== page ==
Three fraudsters have been convicted for their involvement in a slip-and-fall scheme called "a sort of insurance fraud on steroids" that netted at least $31 million in settlement and insurance payouts. A federal jury found Bryan Duncan, Robert Locust, and Ryan Rainford guilty of conspiracy to commit mail and wire fraud.

Two others who had been indicted last year, Kerry Gordon and Peter Kalkanis, pleaded guilty to identity theft.

Kalkanis, a chiropractor, was the one of the apparent ringleaders of the operation, which operated between 2013 and 2018. The scheme involved people being recruited to pose as victims and file lawsuits or insurance claims—alleging they injured themselves after tripping on sidewalks or cellar doors—against building owners. Many of the fake victims included homeless people.

While the "victims" weren't actually hurt (sometimes they didn't even fall outside the buildings), they had to seek medical treatment. The U.S. Attorney's office said, "The fraud scheme participants advised the recruited patients that if they intended to continue with their lawsuits, they were required to undergo surgery. As an incentive to getting surgery, the recruited patients were offered a payment after they completed surgery as well as a percentage of any settlement payment from their lawsuit. "

Last year, the NY Times reported, "The primary litigation-finance firm involved in the scheme was Fast Trak Legal Funding, according to four people familiar with the indictment who were not authorized to talk about nonpublic aspects of the case. Fast Trak, which is based in New Jersey, operates throughout the metropolitan New York area and has received financing in the past from Victory Park Capital, a private equity firm in Chicago, and J. Burke Capital, a Manhattan investment firm. Fast Trak was among the entities subpoenaed in the investigation."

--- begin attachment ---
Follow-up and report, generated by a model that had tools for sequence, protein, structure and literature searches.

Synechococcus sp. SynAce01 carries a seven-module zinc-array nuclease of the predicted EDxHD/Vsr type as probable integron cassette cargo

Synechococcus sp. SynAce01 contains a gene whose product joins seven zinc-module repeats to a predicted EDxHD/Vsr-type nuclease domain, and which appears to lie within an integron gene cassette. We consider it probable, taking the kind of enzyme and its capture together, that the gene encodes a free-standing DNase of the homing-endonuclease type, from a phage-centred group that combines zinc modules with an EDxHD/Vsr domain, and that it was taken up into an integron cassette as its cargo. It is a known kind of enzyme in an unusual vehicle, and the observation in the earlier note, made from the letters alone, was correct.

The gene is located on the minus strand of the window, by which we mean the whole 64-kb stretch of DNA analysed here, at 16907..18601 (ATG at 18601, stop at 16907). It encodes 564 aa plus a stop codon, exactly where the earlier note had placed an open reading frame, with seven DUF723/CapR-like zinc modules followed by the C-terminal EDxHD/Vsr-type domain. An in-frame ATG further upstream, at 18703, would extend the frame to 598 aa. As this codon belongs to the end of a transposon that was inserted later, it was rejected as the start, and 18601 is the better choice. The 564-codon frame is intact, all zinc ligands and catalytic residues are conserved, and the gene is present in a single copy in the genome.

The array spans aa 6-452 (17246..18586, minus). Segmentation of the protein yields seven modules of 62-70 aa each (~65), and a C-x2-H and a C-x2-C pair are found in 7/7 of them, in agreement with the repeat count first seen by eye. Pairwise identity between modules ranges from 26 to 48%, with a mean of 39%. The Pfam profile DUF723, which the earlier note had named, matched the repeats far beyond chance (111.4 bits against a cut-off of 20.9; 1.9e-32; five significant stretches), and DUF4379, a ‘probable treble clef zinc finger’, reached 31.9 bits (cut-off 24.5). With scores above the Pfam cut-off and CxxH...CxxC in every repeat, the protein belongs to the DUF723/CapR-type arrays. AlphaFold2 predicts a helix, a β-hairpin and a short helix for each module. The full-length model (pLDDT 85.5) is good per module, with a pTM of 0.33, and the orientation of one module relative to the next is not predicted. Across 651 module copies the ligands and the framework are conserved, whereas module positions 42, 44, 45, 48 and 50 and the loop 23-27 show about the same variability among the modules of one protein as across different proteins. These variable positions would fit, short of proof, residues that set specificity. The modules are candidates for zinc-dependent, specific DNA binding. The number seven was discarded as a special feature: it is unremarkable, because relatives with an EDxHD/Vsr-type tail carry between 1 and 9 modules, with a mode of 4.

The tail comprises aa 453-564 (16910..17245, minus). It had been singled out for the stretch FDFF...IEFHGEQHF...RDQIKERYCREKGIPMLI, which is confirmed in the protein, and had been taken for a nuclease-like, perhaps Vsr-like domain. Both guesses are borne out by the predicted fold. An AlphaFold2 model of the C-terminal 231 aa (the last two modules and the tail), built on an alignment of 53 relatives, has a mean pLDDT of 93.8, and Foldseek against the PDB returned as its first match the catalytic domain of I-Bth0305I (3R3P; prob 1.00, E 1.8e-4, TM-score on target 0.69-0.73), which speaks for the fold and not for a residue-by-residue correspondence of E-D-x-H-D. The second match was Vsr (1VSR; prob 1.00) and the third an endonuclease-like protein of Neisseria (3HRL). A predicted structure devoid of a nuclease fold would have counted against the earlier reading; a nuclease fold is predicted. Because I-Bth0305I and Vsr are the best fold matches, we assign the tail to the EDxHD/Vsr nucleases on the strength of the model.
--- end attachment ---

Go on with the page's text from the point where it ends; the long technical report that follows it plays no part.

A lawyer for Fast Trak told the Times, "Our client has nothing to hide and is fully cooperating... Our client is confident that they have acted properly in all cases and in all instances. If there was a fraud, we are a victim of this fraud."

Duncan was accused of being an organizer of the scheme, recruiting patients, organizing medical and legal appointments, and getting funding for the medical treatment, while Locust and Rainford allegedly recruited and coached patients and transported them to appointments, as well as scouted "accident" sites.

U.S. Attorney Geoffrey Berman workshopped some killer new dad joke material in his statement announcing the convictions, declaring that the men "were tripped up by the justice system and have met their downfall."

Locust and Rainford each face up to 20 years in prison. Duncan, who was found guilty of one count of mail fraud and one count of wire fraud in additional of two counts of conspiracy to commit mail and wire fraud, faces up to 20 years for each count.